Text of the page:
Students kicked off the fall season this month with a festive Garba dance to celebrate Navratri at the Glenn Omatsu House on Tuesday, Oct. 4. Garba, a Hindu dance and religious tradition from Gujarat, India, is observed during Navratri, a religious festival to honor the Goddess, Durga. Navratri occurs before Diwali, the festival of lights, which usually falls sometime in October or November. The Hindu astrological calendar determines the dates for Diwali and Navratri.

Navratri honors the Goddess Durga over nine nights to remember her defeat of evil. Participants celebrate by performing Garba, a dance in concentric circles around her picture that recognizes her nine incarnations. Diwali also celebrates light over darkness and marks the end of exile for some deities in Hindu mythology.

Event organizer Anmol Walvekar, a third-year Anthropology, and Asian American Studies major, said, “This festival (Garba) and Diwali are some of our biggest festivals. It’s a time to dress up and dance.” And dance they did; many dressed in brightly-colored traditional clothing while hitting customary Dandiya sticks together in rhythm with the music.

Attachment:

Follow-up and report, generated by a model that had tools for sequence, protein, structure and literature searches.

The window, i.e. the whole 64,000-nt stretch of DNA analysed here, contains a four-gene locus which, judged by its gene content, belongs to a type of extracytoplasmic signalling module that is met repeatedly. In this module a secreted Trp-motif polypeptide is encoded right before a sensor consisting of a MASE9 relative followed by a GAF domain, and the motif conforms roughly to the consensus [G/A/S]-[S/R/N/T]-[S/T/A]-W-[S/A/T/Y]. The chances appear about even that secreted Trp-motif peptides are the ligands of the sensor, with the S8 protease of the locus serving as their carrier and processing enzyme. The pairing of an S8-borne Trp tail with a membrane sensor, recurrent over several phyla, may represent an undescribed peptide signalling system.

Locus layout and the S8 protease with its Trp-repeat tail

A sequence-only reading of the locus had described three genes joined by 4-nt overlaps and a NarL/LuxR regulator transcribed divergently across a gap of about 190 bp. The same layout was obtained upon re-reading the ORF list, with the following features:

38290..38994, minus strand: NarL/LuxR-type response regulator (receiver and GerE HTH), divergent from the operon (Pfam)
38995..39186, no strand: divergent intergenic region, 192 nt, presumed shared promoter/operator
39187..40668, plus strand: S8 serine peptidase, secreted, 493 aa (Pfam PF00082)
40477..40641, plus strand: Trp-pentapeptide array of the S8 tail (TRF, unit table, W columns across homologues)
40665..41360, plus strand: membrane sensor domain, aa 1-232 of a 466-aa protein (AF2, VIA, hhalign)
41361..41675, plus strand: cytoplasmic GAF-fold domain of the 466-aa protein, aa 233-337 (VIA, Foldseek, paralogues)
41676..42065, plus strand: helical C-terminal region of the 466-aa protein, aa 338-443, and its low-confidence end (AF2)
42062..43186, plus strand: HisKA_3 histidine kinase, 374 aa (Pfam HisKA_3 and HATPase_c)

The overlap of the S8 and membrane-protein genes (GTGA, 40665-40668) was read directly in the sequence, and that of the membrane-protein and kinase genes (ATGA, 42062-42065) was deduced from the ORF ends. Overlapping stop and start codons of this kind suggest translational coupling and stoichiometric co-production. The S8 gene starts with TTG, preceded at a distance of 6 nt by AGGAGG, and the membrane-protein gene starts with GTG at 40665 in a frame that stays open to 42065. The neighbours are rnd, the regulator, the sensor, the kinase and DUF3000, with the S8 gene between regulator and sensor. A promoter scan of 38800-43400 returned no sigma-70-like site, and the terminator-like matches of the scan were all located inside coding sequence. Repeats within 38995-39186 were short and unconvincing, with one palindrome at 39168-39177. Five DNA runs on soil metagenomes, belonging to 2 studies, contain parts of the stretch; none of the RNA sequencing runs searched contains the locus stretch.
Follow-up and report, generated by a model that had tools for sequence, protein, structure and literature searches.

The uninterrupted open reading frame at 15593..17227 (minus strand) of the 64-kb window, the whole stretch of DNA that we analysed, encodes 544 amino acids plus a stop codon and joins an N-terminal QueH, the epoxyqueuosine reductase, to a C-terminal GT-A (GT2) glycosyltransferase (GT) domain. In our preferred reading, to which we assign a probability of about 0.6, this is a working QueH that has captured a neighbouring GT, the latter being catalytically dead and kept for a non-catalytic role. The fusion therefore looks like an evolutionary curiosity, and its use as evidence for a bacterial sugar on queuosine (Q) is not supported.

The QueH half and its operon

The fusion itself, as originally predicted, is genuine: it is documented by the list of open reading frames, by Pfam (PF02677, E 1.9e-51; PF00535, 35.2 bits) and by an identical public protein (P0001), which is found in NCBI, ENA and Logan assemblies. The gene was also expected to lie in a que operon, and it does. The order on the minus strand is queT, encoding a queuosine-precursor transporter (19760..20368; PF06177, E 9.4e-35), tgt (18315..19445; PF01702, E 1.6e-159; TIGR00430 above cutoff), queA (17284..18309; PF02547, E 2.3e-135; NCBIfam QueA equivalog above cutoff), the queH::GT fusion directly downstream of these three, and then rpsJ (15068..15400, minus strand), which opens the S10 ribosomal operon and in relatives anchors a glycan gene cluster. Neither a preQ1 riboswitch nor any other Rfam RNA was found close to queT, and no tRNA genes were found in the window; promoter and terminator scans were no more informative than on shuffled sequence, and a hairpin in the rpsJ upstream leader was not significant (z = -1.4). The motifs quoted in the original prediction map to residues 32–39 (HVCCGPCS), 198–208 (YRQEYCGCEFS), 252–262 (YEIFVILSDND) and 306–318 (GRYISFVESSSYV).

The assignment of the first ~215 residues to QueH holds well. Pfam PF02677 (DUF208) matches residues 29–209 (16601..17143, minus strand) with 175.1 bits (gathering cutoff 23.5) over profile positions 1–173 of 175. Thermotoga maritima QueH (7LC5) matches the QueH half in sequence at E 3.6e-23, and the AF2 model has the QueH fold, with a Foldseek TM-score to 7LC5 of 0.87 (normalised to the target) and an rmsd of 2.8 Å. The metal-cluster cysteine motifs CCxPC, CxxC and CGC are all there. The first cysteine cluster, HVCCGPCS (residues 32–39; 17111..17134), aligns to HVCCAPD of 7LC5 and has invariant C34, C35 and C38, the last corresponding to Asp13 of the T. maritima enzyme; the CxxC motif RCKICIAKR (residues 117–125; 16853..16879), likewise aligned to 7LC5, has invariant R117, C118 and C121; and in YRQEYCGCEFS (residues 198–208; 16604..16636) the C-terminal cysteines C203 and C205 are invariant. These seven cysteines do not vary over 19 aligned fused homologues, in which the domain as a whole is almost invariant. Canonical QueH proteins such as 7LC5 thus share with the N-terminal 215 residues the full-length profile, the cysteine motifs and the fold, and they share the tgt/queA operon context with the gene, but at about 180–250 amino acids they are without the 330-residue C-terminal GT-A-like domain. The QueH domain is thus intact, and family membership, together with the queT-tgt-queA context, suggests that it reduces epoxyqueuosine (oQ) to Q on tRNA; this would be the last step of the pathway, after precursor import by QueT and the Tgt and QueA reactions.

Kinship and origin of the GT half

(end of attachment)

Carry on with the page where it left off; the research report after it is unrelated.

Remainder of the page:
Some students arrived early to paint their own Dandiya sticks. Student organizers decked the Glenn Omatsu House with colorful flower garlands called mala. They set up a photo backdrop made of vivid light-catching fabric for attendees to snap the all-important selfie.

At the heart of the event stood a carefully positioned image of the Goddess Durga, representing the only constant in the universe. Time in Hinduism is cyclical. God or, in this case, Goddess, remains the only unmoving symbol amid eternal and infinite movement.

The Goddess at the center of this celebration experienced a lot of exciting movement as attendees danced round and round for hours.

There will also be a celebration of Diwali at the Glenn Omatsu House on Monday, Oct. 24, from 5 p.m. to 9 p.m.

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